In hearing the term “energy diversification” one might be inclined to think it refers to bolstering renewable energy generation. It doesn’t.
Alberta’s so-called energy diversification plan actually means deepening our economy’s and government’s ties to oil and gas production through the financial and political support of partial upgrading of oil sands and petrochemical manufacturing. The Pembina Institute published a good blog last week questioning the wisdom of encouraging increased production of bitumen in the era of the Paris Agreement.
At the EDAC press conference, premier Notley pledged the government’s general support of the advisory committee’s recommendations, as well as $1 billion in public funds for loans and “grants” (subsidies) to incentivize private investment in the downstream industry. From a public accountability perspective, one of the stunning things about the EDAC press release and press conference is that while the government announced $1 billion in spending, it didn’t say where the money is coming from.
Given that the province doesn’t raise enough revenue through corporate taxes, personal income taxes, and resource royalties to pay for our core public services, one is left to wonder if the government is borrowing additional money to subsidize the oil and gas industry, if some of the funds are coming from the carbon tax paid by large industrial emitters, or if the money is coming from other public revenue sources that would otherwise be used to pay for public services. Details on the source(s) of the funds will presumably be in the upcoming provincial budget for 2018-19, which will be tabled on March 22.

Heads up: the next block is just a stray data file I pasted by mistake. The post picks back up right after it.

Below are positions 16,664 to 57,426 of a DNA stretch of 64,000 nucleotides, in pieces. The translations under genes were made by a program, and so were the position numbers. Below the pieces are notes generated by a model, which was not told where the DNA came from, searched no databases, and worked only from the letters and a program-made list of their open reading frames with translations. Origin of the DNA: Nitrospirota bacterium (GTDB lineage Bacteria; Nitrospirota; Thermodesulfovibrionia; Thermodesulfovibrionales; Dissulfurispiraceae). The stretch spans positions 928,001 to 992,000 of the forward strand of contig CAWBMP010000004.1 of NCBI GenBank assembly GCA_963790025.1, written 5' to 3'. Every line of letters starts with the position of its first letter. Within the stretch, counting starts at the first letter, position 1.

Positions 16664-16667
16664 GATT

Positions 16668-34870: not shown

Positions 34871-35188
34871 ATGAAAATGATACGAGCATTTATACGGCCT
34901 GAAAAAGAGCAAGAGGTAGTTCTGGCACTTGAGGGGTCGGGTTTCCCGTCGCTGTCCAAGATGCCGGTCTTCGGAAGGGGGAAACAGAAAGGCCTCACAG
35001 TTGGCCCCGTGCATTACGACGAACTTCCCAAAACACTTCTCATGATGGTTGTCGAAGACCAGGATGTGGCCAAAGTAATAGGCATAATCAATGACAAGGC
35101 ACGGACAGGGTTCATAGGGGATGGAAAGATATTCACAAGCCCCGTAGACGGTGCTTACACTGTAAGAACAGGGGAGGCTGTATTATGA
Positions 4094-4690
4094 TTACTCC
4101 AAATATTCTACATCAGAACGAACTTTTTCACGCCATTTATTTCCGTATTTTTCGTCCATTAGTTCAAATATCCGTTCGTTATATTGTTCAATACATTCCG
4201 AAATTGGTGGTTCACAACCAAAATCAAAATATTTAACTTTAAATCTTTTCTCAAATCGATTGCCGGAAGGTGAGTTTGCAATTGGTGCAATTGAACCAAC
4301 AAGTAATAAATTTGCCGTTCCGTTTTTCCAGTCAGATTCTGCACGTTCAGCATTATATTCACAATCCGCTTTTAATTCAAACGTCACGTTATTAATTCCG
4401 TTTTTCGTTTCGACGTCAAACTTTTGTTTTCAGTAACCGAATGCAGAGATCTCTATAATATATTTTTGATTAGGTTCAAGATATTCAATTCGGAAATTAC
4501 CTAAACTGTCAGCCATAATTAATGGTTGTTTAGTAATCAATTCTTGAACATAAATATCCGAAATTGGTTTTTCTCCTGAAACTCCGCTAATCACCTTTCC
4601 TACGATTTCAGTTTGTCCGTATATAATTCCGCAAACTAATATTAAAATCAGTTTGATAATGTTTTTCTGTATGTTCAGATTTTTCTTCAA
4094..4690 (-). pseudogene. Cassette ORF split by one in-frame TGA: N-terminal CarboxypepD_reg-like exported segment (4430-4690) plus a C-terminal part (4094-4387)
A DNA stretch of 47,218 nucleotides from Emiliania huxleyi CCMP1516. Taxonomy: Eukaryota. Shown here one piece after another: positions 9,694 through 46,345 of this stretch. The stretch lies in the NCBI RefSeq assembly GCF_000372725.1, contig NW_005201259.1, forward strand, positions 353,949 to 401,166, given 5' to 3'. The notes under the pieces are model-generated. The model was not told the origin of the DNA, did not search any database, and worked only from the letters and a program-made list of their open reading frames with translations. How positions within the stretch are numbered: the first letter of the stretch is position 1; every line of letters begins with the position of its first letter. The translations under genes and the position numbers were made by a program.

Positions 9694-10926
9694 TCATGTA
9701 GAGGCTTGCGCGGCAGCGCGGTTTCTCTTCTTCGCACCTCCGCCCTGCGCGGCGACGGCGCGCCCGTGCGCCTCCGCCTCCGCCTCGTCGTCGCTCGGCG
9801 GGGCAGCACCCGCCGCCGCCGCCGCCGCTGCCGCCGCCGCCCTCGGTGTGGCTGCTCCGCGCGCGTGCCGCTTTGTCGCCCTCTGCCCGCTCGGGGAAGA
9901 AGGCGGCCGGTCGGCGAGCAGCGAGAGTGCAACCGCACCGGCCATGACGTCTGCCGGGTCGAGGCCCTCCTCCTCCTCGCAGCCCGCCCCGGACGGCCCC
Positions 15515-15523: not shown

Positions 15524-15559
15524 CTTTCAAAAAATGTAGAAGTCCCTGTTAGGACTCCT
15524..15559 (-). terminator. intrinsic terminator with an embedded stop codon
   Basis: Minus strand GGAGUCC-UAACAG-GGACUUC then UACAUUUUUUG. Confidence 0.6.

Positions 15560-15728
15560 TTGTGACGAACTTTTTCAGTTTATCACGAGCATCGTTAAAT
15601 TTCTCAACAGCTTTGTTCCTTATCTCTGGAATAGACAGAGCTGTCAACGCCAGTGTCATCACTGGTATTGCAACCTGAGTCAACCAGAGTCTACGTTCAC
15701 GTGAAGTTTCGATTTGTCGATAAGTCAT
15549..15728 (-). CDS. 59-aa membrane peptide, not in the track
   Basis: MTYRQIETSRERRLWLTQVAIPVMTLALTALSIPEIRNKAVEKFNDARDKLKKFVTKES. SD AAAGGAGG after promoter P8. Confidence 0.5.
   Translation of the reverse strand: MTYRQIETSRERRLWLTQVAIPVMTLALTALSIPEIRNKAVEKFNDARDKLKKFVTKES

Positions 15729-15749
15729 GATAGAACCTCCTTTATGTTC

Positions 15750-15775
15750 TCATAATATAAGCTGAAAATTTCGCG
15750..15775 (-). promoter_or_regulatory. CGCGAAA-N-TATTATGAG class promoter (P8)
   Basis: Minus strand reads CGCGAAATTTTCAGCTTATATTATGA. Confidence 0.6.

The spring sitting of the legislature—which starts tomorrow—will likely include debate on new legislation intended to facilitate the growth of downstream oil and gas facilities in the province. Tomorrow is also International Women’s Day, and women's issues have been one of the Notley government’s key priorities during its first term.
To her government's credit, there has been significant progress made in this area over the past three years. Notley appointed the second gender-balanced cabinet in Canadian history and created the province's first Ministry of Status of Women. Her government has also passed legislation to remove barriers impeding survivors of sexual and domestic violence from leaving abusive relationships. One of the NDP’s flagship policies is the move to increase the provincial minimum wage to $15 an hour, which is putting a dent in Alberta’s large gender income gap due to the fact that 60% of low-wage workers are women.
Since it doesn’t seem wise to further subsidize the oil sands industry at a time when other Canadian provinces and countries around the world are working hard to reduce their greenhouse gas emissions, on the eve of IWD it is worth considering how public funds could instead have been better spent improving public services and gender equality in the province.
Alternative government spending options and their gender implications